Crowdfunding is an increasing established form of alternative financing for start-ups and small and medium-sized enterprises. However, till 2021, the sector remained unregulated throughout the European Union (“EU”).
Due to the lack of regulatory framework, EU Member States sought to implement their own regulatory regimes on a national level. Although this allowed such Member States to tailor crowdfunding rules to their needs, the differing regimes and licensing requirements between Member States impeded cross-border crowdfunding services. As a result, crowdfunding platforms found impediments from efficiently growing their services due to high compliance and operational costs.
To do away with this obstacle, the EU sought to implement the Regulation on European Crowdfunding Services Providers (the “ECSPR”), in order to lay down uniform and harmonised rules across the EU. The funding by investors under the regulated ECSPR can take the form of loans or the acquisition of transferable securities or of other admitted instruments, for the crowdfunding purposes. In other terms, the ECSPR regulates the provision of the following services:
- Investment-Based Crowdfunding;
- Lending-Based Crowdfunding.
Mainly, the ECSPR allows for Crowdfunding Service Providers to passport their services across the EU based on harmonised rules, facilitating the cross-border provision of services with a single authorisation recognised across the EU. It also provides harmonised and clear disclosure requirements for the project owners and the Crowdfunding Service Providers, together with rules on governance and risk management for Crowdfunding Service Providers. Other emerging key developments from the ECSPR are the following:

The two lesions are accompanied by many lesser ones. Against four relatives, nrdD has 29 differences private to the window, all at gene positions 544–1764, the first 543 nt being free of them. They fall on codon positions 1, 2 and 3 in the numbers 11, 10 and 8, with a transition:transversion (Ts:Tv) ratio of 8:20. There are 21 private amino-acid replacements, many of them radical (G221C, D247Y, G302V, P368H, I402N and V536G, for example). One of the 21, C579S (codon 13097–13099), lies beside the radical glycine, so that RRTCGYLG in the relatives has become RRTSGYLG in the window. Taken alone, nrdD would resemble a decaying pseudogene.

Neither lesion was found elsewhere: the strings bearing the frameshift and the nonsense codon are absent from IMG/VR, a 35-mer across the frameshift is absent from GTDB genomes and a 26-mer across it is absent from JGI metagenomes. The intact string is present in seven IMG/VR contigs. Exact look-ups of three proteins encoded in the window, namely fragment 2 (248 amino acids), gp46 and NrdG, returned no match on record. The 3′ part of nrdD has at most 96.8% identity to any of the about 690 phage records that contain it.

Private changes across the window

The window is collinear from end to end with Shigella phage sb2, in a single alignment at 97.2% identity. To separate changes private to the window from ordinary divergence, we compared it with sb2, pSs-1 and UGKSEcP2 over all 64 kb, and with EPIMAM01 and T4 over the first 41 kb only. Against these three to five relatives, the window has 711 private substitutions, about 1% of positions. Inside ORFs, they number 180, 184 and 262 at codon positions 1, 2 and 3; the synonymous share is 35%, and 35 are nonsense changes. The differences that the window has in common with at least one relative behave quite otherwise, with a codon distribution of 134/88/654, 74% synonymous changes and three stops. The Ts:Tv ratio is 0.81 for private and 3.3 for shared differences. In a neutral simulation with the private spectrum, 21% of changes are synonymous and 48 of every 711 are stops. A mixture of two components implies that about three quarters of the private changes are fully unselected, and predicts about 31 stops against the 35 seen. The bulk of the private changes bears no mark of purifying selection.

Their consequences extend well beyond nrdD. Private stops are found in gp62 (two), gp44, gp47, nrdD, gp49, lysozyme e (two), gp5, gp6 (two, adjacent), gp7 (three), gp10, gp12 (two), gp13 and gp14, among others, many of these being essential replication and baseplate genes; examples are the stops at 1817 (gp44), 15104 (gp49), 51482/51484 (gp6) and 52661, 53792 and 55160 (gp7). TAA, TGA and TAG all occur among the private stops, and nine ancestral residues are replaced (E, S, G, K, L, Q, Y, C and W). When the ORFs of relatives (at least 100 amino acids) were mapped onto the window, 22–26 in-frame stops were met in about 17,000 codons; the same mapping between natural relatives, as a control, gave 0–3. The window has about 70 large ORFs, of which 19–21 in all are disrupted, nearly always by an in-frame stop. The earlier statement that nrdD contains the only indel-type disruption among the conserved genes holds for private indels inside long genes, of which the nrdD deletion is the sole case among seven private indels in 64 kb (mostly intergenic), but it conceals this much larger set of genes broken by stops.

- Harmonised set of rules for all European Crowdfunding Service Providers for offers of up to EUR five (5) million in crowdfunding per project owner, over a period of twelve (12) months. Those offers exceeding the UER 5 million threshold will not fall under the ECSPR’s scope but will fall under the MiFID II/MiFIR regulatory framework;
- Harmonised set of rules for investor protection, including disclosure, disclaimer, and recommendation requirements for both the project owners/s and the Crowdfunding Service Provider on every crowdfunding project presented on the crowdfunding platform. Additionally, the ECSPR provides that a suitability assessment must be carried out for every investor, to assess their understanding of financial products and their ability to bear losses.
Crowdfunding involves three (3) types of actors: the project owner who needs the funding, the investors who fund the proposed project, and an intermediate organisation in the form of a Crowdfunding Service Provider. The Crowdfunding Service Provider brings together project owners and investors, through an online platform operated by the Crowdfunding Service Provider.
The ECSPR was adopted on the 10th November 2020, and entered into applicability twelve (12) months later, on 10th November 2021. Furthermore, existing crowdfunding platforms are granted a transition period of twenty-four (24) months, that is, till 10th November 2023, in order to apply for a new licence. This innovative legislative development is expected to give a boost to the crowdfunding sector.
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